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you don't have to press them. just find a bit of pipe that fits the outer race of the bearing but not tight in the housing. and hit this with a hammer to knock the bearings in. you won't harm the bearing as long as you only hit the outer race. You have to be careful that the bearing is going in square so hit the pipe in a 12, 6, 9, 3 patern. Or place a bit of steel over the pipe so you can hit it in the middle.

you'll need something like the bit of pipe mentioned above if you are going to use a press. If you haven't got a press you can get away with a drill press/pillar drill but it's not ideal for the drill. or you can use a large G cramp or similar.

hope that makes sense :)

Ez
 

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the hardest part i found when i done mine was getting the old ones out in the first place, the new bearings went in without to much fuss at all:D
 

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you don't have to press them. just find a bit of pipe that fits the outer race of the bearing but not tight in the housing. and hit this with a hammer to knock the bearings in. you won't harm the bearing as long as you only hit the outer race. You have to be careful that the bearing is going in square so hit the pipe in a 12, 6, 9, 3 patern. Or place a bit of steel over the pipe so you can hit it in the middle.

you'll need something like the bit of pipe mentioned above if you are going to use a press. If you haven't got a press you can get away with a drill press/pillar drill but it's not ideal for the drill. or you can use a large G cramp or similar.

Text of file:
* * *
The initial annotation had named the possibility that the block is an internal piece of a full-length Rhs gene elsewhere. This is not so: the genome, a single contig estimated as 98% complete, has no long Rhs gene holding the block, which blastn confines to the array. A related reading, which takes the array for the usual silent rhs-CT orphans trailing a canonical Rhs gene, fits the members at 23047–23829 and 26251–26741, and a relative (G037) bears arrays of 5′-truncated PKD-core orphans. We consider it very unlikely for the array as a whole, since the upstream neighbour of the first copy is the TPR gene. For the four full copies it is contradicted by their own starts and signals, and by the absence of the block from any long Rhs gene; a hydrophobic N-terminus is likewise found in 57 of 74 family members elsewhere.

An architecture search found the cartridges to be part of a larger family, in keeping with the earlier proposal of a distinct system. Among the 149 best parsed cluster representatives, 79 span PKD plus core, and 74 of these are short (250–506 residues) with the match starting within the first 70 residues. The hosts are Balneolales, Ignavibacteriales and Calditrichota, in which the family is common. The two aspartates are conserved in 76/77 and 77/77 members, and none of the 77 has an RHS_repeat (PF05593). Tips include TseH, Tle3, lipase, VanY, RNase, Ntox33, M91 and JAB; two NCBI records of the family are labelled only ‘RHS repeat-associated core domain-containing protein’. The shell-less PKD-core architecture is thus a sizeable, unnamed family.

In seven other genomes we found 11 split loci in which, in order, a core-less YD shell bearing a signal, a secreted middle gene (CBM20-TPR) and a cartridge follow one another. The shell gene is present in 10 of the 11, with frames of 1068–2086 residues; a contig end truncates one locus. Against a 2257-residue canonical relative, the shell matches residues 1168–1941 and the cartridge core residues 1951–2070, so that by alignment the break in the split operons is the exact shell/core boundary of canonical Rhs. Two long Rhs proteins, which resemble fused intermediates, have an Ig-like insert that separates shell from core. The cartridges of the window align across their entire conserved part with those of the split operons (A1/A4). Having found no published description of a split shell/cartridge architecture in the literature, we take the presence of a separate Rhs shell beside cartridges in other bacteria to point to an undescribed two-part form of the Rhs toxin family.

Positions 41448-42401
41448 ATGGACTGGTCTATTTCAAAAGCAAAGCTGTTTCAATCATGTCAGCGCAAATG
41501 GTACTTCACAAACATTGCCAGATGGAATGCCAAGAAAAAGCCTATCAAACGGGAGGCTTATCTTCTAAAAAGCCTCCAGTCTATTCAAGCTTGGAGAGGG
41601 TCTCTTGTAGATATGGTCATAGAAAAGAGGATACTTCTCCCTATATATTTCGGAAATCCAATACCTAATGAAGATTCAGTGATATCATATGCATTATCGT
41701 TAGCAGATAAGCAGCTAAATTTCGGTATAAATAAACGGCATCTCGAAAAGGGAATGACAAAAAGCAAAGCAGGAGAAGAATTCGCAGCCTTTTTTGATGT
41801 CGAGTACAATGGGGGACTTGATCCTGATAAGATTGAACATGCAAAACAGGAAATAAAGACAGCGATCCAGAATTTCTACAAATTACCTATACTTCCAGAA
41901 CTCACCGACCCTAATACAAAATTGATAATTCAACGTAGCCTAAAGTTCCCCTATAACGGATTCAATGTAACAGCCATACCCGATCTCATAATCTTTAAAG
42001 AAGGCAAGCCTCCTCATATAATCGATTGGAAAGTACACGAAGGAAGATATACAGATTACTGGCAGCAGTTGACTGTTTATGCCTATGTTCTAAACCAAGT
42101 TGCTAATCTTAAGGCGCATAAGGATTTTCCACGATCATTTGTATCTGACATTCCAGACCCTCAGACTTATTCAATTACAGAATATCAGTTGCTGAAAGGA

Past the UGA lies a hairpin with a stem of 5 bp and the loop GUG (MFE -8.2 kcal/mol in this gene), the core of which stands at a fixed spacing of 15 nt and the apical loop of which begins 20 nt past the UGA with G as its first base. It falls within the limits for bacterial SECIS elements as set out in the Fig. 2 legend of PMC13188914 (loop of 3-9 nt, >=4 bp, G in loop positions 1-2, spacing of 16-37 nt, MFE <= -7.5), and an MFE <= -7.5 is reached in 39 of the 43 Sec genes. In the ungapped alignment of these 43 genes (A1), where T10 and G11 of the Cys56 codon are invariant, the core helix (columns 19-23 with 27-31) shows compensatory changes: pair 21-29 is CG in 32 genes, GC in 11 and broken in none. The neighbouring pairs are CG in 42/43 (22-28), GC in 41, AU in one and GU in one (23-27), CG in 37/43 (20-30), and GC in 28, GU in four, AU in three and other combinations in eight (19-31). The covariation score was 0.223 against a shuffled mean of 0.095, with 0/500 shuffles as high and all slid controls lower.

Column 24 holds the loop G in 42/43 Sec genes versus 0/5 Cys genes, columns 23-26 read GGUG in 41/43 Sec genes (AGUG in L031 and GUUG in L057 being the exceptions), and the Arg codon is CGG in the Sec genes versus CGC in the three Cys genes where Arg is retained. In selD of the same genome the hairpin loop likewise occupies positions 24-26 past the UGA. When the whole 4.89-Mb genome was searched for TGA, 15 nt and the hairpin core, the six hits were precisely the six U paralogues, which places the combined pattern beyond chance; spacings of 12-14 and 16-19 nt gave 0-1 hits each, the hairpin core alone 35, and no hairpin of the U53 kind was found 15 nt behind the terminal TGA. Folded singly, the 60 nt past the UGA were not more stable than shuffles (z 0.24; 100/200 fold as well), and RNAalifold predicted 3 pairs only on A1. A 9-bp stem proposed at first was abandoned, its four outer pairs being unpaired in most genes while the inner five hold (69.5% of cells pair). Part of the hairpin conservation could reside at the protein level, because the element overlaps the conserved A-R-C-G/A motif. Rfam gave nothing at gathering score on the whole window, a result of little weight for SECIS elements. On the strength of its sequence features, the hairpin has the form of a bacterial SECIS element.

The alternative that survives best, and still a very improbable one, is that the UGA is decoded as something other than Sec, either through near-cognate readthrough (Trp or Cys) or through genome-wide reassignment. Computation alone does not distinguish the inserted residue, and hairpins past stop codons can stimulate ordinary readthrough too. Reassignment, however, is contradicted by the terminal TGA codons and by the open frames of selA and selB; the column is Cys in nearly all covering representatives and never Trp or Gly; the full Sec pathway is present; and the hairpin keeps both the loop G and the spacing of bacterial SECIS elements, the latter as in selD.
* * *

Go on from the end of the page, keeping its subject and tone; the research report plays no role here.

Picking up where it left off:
hope that makes sense :)

Ez
I used one of the old bearings to hit the new ones into place. I just used a grinding wheel and reduced the size a little of the old bearing.
 

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i always toss my bearings in the freezer for a bit before putting them in, let them shrink down a tiny bit to go in easier
 

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i hate to be a pian in the a$$. but does anyone have a step by step guide that i can go by for these bearing.
It's pretty straightforward... Just strip down the axle basically, starting from the right side (sitting on bike). Remove the wheel, hub, big axle nut, caliper, disk (hit it with a sand hammer, it just slides out once the nut is off), chain off the sprocket and then you hit the end of the axle. Make sure you use something to prevent damage to the end of the axle. The service manual recommends a socket.

Once it's out, it's only a matter of removing the old ones and putting the new ones in... then doing everything you just did in reverse.

I make it sound easy, but it's still a PITA to do, especially if they haven't been done in a while. It took me like 10 hours to do my first because everything was stuck... Had to use a lot of heat on pretty much all the parts.

Just changed them this weekend with a friend, took us ~2 hours or so... but we had all the tools at hand and we knew where we were going... and everything was pretty loose since they weren't even a year old.
 
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